Understanding the Roles of Servers in Large-scale Peer-Assisted Online Storage Systems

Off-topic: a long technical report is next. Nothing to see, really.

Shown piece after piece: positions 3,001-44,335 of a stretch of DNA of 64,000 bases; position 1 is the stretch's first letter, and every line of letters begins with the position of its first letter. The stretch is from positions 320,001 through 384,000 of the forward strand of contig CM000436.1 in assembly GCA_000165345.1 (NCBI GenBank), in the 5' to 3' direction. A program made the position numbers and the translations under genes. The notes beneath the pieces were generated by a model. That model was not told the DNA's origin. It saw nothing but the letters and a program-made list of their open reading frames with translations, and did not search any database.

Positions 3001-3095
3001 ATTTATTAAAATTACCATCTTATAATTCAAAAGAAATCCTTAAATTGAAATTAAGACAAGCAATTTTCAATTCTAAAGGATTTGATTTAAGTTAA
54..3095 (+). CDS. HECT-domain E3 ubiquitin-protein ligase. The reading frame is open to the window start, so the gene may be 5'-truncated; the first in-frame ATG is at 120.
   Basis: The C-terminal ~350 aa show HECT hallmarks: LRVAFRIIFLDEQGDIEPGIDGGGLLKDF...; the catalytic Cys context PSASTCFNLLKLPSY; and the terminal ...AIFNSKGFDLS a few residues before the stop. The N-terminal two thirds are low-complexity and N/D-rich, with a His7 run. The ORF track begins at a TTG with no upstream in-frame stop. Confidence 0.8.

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1 Understanding the Roles of Servers in Large-scale Peer-Assisted Online Storage Systems Fangming Liu, Ye Sun, Bo Li, Xinyan Zhang Hong Kong University of Science & Technology, Roxbeam Inc. Abstract Online storage systems that provide versatile and convenient platforms for content distribution have attracted significant attention over the Internet. To guarantee adequate levels of service quality and to minimize server cost, such systems typically deploy dedicated servers while effectively utilizing peer bandwidth in a complementary fashion. It is essential to understand the role of servers and critical factors that influence the server contributions. In this paper, with full knowledge of internal mechanisms of a large-scale peer-assisted online storage system, namely FS2You, and large set of real-world traces, we examine the role of servers in such a system. Specifically, through analyzing server traffic volumes versus various critical factors including file popularity, time period (both cold and hot periods), and peer types, we not only reveal empirical observations that are contrary to general belief with in-depth rationales, but also exploit potential flaws of current design and strategy, which further draw practical implications on future design. I. INTRODUCTION Online storage systems, also referred to as one-click hosting, generally provide web services that allow Internet users to easily upload files onto dedicated servers. Most such services simply return a URL that can be shared to others, who can then download the file at a later time. Due to the simplicity and versatility of its user interface, this type of file sharing has rapidly become a favorite among users, overtaking well-known peer-to-peer (P2P) file sharing services, such as BitTorrent. As online storage systems become increasingly popular, however, server capacity costs have become prohibitively expensive. Rapidshare, one of the most well-known one-click hosting systems, deployed a total of 15 terabytes of online storage in its data centers, in Asia alone. Skyrocketing costs from server-based architectures have motivated the natural idea of taking advantage of peer bandwidth contributions to mitigate server capacity costs. It is nevertheless non-trivial to design and fine-tune a new system that utilizes peer bandwidth in a complementary fashion, without sacrificing the ease of use, reliability, and performance of one-click hosting. In response, FS2You [1], a peer-assisted online storage system, has been implemented to dramatically mitigate server capacity costs, while maintaining the ease of use and performance comparable to the best server-based solutions. Since the launch of FS2You, it has quickly become one of most popular online storage systems in mainland China. However, little is known about the crucial and practical questions such The research was support in part by grants from RGC under the contracts 61568, and 61646, by a grant from NSFC/RGC under the contract N HKUST63/7, by a grant from HKUST under the contract RPC6/7.EG27. as to what extent have the server capacity been utilized and saved; what are the performance implications in current design and strategy; what are the potential improvements that can be drawn from empirical experiences. In this paper, with full knowledge of architecture and protocols of FS2You, and a large set of real-world traces that we have collected, we examine the role of servers and critical factors that influence the server contributions. Specifically, through analyzing server traffic volumes versus various essential features including file popularity, time period (both cold and hot periods), and peer types (behind NAT or directconnect), our major contributions are: (1) we demonstrate that the system, while conserving substantial server capacity, is able to scale to a large number of users, and withstand the test of a tremendous volume of traffic over a long period of time; (2) we demonstrate that server contribution, especially the peak server stress, is strongly correlated with file popularity and time evolution, as well as the percentage of peers behind NAT involving in the system; (3) we expose flaws of current design and strategy with concrete evidences and analysis, which draw practical implications that are desired to be judiciously considered to avoid prohibitive peak server stress. While we recognizing the significance of prior research efforts on measurement studies of existing P2P file sharing systems [2] [5], there exist important differences between P2P file sharing and peer-assisted online storage systems, particularly regarding the server involvement with complementary peer assistance. With respect to study on the server related issues, Das et al. [6] have discussed through an analytical model the motivation and effects of server participation in BitTorrent-like P2P file sharing systems. Wu et al. [7] have proposed based on real-world traces an online server capacity provisioning algorithm for multi-channel live P2P streaming systems. Our work is substantially different from these works. To the best of our knowledge, this paper represents a first attempt in the literature to multi-dimensionally investigate the server contributions in a real-world peer-assisted online storage system with full knowledge of the internal mechanisms. II. SYSTEM ARCHITECTURE AND COMPONENTS The FS2You system comprises the following major components: (1) Directory Server: each file referred as a channel is assigned with a unique channel ID. A directory server keeps the information of all channels (files) including the channel ID and the MD5 (Message-Digest algorithm 5, the hash value of the corresponding file); (2) Tracking Server: this maintains the participating peers information for each channel; (3)